In April 2018 two Chinese born men (Shan Shi and Gang Liu) were indicted for conspiring to commit economic espionage in the United States. It was also revealed that the two men (one of them an American citizen and the other a permanent resident) and four others were also indicted in July 2017 for conspiring to steal trade secrets. The theft involved obtaining, from 2014 onward, information necessary to create and mass produce syntactic foam, a substance used to keep objects afloat in deep water. Syntactic foam is used in offshore oil exploration and production as well as for several military systems. The two accused spies were provided with technical and financial support by CBMF, a state-owned Chinese firm that had been established to develop new maritime technologies and put the technology into production. The Chinese spies were provided with several million dollars to establish a CBMF subsidiary in Texas where key technical people were hired away from an unnamed multinational firm that had developed syntactic foam production technology. Using bribes and other financial inducements the Chinese spies provided the necessary information for CBMF to build a factory in 2016 for the production of syntactic foam. The main customer for this syntactic foam was a Chinese shipyard building warships and other naval equipment. CBMF also began offering their syntactic foam to foreign customers.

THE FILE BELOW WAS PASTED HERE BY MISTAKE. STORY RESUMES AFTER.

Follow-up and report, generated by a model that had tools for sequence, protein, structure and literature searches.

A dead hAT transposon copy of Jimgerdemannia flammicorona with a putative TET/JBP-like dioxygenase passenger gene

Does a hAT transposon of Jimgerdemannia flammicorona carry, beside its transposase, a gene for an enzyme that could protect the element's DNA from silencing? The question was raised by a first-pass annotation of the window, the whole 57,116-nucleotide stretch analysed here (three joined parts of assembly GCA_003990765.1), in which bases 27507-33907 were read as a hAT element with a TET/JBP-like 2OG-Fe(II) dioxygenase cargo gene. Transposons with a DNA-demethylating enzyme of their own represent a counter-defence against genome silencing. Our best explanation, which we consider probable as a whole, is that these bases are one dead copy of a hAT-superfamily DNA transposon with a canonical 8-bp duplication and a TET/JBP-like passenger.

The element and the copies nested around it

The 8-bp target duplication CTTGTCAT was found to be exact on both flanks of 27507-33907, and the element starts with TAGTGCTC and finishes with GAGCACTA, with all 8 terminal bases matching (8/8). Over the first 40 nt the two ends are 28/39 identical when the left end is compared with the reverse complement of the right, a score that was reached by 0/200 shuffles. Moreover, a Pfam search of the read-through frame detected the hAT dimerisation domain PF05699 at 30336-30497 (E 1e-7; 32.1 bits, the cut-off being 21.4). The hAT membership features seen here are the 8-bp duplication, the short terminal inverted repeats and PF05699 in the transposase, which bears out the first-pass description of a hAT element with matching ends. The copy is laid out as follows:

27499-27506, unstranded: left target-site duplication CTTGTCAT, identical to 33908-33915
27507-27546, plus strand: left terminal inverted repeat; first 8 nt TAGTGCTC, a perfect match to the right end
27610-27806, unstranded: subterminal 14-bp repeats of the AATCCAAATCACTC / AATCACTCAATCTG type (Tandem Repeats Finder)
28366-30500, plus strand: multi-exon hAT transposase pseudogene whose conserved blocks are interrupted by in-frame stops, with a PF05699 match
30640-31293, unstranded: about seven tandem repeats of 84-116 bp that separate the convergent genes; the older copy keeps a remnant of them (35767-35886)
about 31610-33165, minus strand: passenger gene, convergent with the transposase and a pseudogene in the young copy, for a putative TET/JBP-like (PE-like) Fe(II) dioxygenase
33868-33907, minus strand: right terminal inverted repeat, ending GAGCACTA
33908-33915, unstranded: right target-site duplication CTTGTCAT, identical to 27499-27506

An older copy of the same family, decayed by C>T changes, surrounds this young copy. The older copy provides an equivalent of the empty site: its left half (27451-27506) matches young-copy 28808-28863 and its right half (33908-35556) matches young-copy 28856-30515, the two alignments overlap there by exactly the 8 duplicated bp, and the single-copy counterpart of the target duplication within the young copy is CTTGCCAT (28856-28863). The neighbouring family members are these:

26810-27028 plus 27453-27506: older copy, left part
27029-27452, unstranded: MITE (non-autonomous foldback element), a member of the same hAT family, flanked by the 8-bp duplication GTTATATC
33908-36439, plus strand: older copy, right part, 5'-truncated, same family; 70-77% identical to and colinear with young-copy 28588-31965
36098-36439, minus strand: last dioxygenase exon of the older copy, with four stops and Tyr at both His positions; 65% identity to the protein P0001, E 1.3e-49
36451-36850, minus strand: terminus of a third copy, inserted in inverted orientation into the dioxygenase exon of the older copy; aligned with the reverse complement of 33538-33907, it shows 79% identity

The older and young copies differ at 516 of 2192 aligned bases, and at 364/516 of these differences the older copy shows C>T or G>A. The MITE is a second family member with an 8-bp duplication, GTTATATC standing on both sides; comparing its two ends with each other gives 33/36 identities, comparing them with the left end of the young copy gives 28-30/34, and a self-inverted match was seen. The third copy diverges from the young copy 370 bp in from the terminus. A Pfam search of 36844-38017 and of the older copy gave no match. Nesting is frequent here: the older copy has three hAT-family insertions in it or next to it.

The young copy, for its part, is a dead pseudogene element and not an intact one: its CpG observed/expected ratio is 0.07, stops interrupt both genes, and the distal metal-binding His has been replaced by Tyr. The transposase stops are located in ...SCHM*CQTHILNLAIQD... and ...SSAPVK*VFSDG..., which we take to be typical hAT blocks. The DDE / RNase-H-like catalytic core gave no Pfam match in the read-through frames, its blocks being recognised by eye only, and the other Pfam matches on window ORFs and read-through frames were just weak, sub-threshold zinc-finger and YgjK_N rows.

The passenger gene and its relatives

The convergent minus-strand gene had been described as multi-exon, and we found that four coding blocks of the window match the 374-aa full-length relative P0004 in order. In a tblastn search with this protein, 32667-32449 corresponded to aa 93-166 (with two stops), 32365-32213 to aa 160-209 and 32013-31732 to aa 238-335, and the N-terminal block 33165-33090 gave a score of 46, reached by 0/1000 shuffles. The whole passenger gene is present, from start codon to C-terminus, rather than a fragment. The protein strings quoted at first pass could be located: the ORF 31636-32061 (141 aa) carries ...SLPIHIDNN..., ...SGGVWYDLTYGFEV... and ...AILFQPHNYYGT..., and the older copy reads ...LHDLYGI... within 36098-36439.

If convicted Shan Shi (an American citizen) faced 45 years in prison while Gang Liu faces 25 years. Economic espionage like this is a common activity for China and has been used mainly against the United States but other Western nations as well. Even Chinese neighbor and ally Russia has suffered heavy losses due to this Chinese economic espionage. There are going to be a lot more court cases like this because Chinese firms are becoming bolder in how they exploit stolen software, trade secrets and other technology. In the past, the Chinese were careful in the use of stolen tech when exporting their own military equipment copied from Russian designs. The Chinese had started doing this during the Cold War, which sometimes got fairly hot (there were some deadly border skirmishes in the 1970a) because China and Russia developed some territorial and ideological disputes that did not settle down until the Soviet Union dissolved in 1991.